NCLAT : In Ferro Alloys Corporation Ltd. & Anr. vs. Rural Electrification Corporation Ltd. & Anr.

It is always open to the ‘Financial Creditor’ to initiate ‘Corporate Insolvency Resolution Process’ under Section 7 against the ‘Corporate Guarantors’, as the creditor is also the ‘Financial Creditor’ qua ‘Corporate Guarantor’ before initiating  ‘Corporate Insolvency Resolution Process’ against the ‘Principal Borrower’.

The I&B Code does not exclusively delineates and/or prescribes any inter-se rights, obligation and liabilities of a guarantor qua ‘financial creditor’. Thus, in absence of any express provision providing for inter-se rights, obligation and liabilities of guarantor qua ‘financial creditor’ under the Code, the same will have to be noticed from the provisions of the Indian Contract Act, which exclusively and elaborately deals with the same.

In “State Bank of India vs. Indexport Registered and Ors.− (1992) 3 SCC 159”, the Hon’ble Supreme Court held that … The decree is simultaneous and it is jointly and severally against all the defendants including the guarantor. It is the right of the decree-holder to proceed with it in a way he likes. Section 128 of the Indian Contract Act itself provides that “the liability of the surety is coextensive with that of the principal debtor, unless it is otherwise provided by the contract”…. “It appears the above-quoted observations in Manku Narayana case [(1987) 2 SCC 335 : AIR 1987 SC 1078] are not based on any established principle of law and/or reasons, and in fact, are contrary to law. It, of course depends on the facts of each case how the composite decree is drawn up. But if the composite decree is a decree which is both a personal decree as well as a mortgage decree, without any limitation on its execution, the decree-holder, in principle, cannot be forced to first exhaust the remedy by way of execution of the mortgage decree alone and told that only if the amount recovered is insufficient, he can be permitted to take recourse to the execution of the personal decree.”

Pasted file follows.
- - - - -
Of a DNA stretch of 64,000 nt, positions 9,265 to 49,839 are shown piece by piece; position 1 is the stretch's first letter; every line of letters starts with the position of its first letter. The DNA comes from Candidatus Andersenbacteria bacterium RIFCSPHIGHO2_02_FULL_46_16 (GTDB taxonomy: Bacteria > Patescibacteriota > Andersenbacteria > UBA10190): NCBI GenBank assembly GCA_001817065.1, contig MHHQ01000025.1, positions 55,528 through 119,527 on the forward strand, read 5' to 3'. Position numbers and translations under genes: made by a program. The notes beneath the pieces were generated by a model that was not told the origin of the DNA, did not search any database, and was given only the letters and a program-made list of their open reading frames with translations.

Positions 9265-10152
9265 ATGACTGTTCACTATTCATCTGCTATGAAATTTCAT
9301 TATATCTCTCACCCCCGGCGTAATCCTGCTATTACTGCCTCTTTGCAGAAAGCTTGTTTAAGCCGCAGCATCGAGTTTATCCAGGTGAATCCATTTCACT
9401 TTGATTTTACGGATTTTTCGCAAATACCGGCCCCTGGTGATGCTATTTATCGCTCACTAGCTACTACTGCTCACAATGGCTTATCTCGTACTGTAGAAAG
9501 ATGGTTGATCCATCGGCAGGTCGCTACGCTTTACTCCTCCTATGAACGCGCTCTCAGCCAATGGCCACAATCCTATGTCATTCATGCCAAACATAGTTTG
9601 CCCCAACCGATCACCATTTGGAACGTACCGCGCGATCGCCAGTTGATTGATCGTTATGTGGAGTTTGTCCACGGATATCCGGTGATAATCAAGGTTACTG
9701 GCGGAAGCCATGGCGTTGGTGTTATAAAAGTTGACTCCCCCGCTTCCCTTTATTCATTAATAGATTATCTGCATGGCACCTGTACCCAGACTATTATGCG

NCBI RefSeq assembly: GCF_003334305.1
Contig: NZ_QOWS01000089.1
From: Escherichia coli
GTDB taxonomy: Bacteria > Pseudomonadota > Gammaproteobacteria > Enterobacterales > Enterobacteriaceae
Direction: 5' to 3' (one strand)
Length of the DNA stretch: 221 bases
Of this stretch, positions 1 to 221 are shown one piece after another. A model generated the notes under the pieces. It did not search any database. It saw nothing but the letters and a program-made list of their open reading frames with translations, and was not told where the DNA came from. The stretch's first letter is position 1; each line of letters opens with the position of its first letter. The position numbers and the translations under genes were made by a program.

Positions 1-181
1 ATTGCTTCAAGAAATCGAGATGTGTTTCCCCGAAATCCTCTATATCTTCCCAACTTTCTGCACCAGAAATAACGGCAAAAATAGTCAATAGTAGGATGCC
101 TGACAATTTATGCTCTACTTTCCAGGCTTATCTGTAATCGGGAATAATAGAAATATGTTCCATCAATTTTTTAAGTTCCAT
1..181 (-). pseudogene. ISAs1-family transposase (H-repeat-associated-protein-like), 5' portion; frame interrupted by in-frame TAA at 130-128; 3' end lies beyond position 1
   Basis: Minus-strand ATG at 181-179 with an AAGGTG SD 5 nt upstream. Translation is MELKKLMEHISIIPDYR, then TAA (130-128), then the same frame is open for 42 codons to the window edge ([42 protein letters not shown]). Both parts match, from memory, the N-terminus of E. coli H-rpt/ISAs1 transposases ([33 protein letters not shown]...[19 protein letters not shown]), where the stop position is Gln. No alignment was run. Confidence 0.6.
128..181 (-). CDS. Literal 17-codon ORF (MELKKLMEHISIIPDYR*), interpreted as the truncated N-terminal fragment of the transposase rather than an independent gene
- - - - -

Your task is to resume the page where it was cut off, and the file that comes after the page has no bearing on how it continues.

In view of the aforesaid decision of the Hon’ble Supreme Court, we hold that it is not necessary to initiate ‘Corporate Insolvency Resolution Process’ against the ‘Principal Borrower’ before initiating ‘Corporate Insolvency Resolution Process’ against the ‘Corporate Guarantors’. Without initiating any ‘Corporate Insolvency Resolution Process’ against the ‘Principal Borrower’, it is always open to the ‘Financial Creditor’ to initiate ‘Corporate Insolvency Resolution Process’ under Section 7 against the ‘Corporate Guarantors’, as the creditor is also the ‘Financial Creditor’ qua ‘Corporate Guarantor’.

Link : https://nclat.nic.in/Useradmin/upload/11787485785c3493dcd0caf.pdf